“Just” Playing!

Last summer I visited Lurie Children’s Hospital and had the opportunity to meet with members of their Child Life Staff. One of the people I met was the Director of Children’s Services. When she asked about my volunteering experience, I mentioned that I was completing my practicum and learning a lot about Child Life and working with kids in the hospital setting. I also shared that I was volunteering in a clinic’s waiting room. My responsibilities there included “just playing with the kids.” She immediately called me out on using the word just and encouraged me to not say “just” playing or “just” doing anything else. Because every experience is important.

In the past year, I have reflected on this advice many times. She was so firm against using the word “just.” And she was right, “just” minimizes things. It trivializes experiences. “Just” diminishes the importance of our work. You’re not “just” listening to someone, you are listening to that person. Being in the moment is so crucial, you listening to them could make a world of difference to that person who needs you. You don’t “just” volunteer, you volunteer. And that volunteering is something you should be proud of, it’s important.

I had an experience while volunteering at a Child Advocacy Center that reaffirmed for me the importance of play. One day while I was volunteering, a little boy came into the waiting room with one of his parents. The waiting room of the advocacy center was empty that day and so I spent my time playing with this little boy. We played Jenga, Sorry and other games while he and his parent waited to meet with members of the interdisciplinary staff. I didn’t think that our interaction was unusual. I played with kids in the waiting room all the time and this patient was no different. The way I saw it, I wasn’t providing any sort of specialized support. I was not prepping him for procedures or helping him cope with stress. I played with him to occupy his and my time while we were both in the waiting room.

When his parent was ready to go, the little boy asked that he stay longer so he could keep playing. His parent allowed him to stay a little longer before they needed to leave. As the little boy left, he told me that I was his best friend. We must have very different ideas of what a best friend is because I think of a best friend as someone who has been there for you for years and makes you laugh and have fun. But to that little boy, my playing with him meant I was his friend. I communicated with him through play. By “just” playing, I told him he was safe and loved. By allowing him to “just” choose the games he wanted to play with, I was able to give him back a sense of control. I was not “just” playing, I was playing.

“If children feel safe, they can take risks, ask questions, make mistakes, learn to trust, share their feelings and grow.”

– Alfie Kohn

Don’t Give Up!

This week I accepted a Fall Child Life Internship! I’m so excited for what this next chapter of my Child Life journey is going to bring.

I could use this blog post to tell you all about how excited I am, how relieved that the internship application process is over or about my plans for next semester. All of this is happening, but instead I want to speak to those who did not get an internship offer.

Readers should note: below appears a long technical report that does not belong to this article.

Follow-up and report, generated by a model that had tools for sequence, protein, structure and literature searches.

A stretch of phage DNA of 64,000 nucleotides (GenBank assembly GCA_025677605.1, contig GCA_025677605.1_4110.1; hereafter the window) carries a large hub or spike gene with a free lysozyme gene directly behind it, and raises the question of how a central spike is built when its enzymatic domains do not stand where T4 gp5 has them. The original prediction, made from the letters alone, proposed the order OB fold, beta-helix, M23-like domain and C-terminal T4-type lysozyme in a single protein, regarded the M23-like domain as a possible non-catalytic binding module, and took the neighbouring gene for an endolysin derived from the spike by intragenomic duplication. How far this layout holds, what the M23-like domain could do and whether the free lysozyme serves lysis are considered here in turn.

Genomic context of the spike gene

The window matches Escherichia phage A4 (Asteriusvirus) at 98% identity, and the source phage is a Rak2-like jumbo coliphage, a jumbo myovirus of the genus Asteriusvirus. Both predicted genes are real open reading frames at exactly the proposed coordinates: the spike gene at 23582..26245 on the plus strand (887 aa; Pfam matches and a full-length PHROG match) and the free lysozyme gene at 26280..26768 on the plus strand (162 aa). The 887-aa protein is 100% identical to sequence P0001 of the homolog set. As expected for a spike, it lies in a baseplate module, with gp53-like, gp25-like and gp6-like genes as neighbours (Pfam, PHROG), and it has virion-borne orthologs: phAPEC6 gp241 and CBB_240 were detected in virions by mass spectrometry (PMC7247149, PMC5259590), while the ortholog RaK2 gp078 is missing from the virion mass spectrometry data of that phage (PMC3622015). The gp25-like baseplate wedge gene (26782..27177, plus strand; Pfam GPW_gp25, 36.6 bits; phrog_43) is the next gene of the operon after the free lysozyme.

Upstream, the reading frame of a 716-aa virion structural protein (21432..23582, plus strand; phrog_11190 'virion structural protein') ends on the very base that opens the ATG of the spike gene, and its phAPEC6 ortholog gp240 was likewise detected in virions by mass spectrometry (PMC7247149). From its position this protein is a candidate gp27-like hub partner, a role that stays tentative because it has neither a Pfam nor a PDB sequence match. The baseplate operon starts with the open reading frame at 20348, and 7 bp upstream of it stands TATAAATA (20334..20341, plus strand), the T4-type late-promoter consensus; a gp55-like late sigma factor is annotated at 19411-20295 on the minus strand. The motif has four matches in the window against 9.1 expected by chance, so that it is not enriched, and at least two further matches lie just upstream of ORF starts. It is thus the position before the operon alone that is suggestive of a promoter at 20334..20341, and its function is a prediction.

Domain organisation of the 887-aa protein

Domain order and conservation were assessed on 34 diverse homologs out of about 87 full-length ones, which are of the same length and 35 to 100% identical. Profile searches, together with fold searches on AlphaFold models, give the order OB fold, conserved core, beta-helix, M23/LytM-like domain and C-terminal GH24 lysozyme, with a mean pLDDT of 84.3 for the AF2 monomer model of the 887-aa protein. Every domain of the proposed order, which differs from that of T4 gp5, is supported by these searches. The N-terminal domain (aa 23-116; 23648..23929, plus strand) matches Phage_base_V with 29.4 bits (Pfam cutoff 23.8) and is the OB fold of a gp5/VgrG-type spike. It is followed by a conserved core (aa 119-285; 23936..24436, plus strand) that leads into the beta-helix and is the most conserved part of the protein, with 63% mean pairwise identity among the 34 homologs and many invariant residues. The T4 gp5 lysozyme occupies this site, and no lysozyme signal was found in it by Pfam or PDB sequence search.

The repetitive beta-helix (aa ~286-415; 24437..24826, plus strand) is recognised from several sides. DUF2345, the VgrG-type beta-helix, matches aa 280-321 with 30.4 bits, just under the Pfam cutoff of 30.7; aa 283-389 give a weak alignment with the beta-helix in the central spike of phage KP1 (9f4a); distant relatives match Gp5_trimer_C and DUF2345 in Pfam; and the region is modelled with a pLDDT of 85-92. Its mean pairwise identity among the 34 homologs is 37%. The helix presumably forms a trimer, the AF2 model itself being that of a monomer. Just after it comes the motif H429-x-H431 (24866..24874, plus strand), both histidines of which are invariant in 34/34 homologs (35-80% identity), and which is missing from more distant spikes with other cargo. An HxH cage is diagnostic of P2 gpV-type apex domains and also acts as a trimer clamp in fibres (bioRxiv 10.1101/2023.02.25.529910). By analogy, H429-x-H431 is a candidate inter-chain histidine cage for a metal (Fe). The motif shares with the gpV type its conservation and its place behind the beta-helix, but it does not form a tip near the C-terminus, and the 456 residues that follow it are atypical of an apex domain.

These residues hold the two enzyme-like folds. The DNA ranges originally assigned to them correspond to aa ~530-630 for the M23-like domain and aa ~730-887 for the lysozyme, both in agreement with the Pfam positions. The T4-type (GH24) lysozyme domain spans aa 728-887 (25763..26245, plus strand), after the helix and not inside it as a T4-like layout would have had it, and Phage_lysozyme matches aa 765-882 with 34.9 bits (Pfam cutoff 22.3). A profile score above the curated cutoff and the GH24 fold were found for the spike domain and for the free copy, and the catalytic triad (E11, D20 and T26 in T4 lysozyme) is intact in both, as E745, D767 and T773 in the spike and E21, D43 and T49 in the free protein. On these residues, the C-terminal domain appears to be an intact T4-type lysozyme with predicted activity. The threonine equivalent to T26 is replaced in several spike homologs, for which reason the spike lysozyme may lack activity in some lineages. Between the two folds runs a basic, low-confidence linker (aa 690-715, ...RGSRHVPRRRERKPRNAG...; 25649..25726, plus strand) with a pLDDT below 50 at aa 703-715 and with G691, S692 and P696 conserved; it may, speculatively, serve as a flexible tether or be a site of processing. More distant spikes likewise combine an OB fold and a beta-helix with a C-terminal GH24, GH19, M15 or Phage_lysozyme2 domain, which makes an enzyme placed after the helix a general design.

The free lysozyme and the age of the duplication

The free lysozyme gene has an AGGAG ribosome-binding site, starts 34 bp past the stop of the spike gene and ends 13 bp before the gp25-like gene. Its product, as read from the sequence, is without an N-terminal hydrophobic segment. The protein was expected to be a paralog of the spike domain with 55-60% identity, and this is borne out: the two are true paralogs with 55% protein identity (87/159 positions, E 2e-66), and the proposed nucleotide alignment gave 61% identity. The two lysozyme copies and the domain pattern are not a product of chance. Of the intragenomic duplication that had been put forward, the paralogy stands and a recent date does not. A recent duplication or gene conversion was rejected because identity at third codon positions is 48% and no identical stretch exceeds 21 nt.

If you don’t get an internship, don’t give up! If you truly are passionate about Child Life and want to become a Certified Child Life Specialist, then you will. It might just take a little longer than you expected. Child Life is very competitive. Some hospitals will receive over 75 applicants for their one internship position. So if you did not get an internship this semester, it means that you have time to expand your horizons and build your resume to make yourself more competitive next time.

If you looking for something to add to your experience, think about populations that you haven’t worked with yet. Maybe you have a lot of time spent with oncology patients, but you haven’t worked very many other diagnoses. Or you’ve worked with healthy kids, but don’t have much experience with children with special needs. A wide variety of experiences will give you many skills that can be used when working with kids as a Child Life Specialist. If you’re looking for something new, check out my list forĀ getting volunteer experience. Let me know if you have other ideas that I can add to the list!

“No one has the power to shatter your dreams unless you give it to them.” – Maeve Greyson

Fabulous Find Friday: American Red Cross

Today’s Fabulous Find Friday is not exactly original, but it’s one that deserves mentioning. The American Red Cross does a lot for those in need, but what I want to focus on today is blood donation.

As you can see, I am a blood donor. (Please ignore the awful angle of the picture, I wanted to make sure to get the donation arm and my face. Not an easy task). I want to encourage you all to donate blood because it’s a simple way to make a difference. As future Child Life Specialists, it’s also a good way to gain insight into the child’s experience. Donating blood is obviously not the same as an intimidating medical procedure, but I’ve found it helpful to get stuck with a needle every couple weeks. It’s one thing to say, “oh, it’s just a little pinch/sting and then it’s over.” It’s another thing to experience the needle and sit with it in your arm.

If you are a donor, why do you donate blood?

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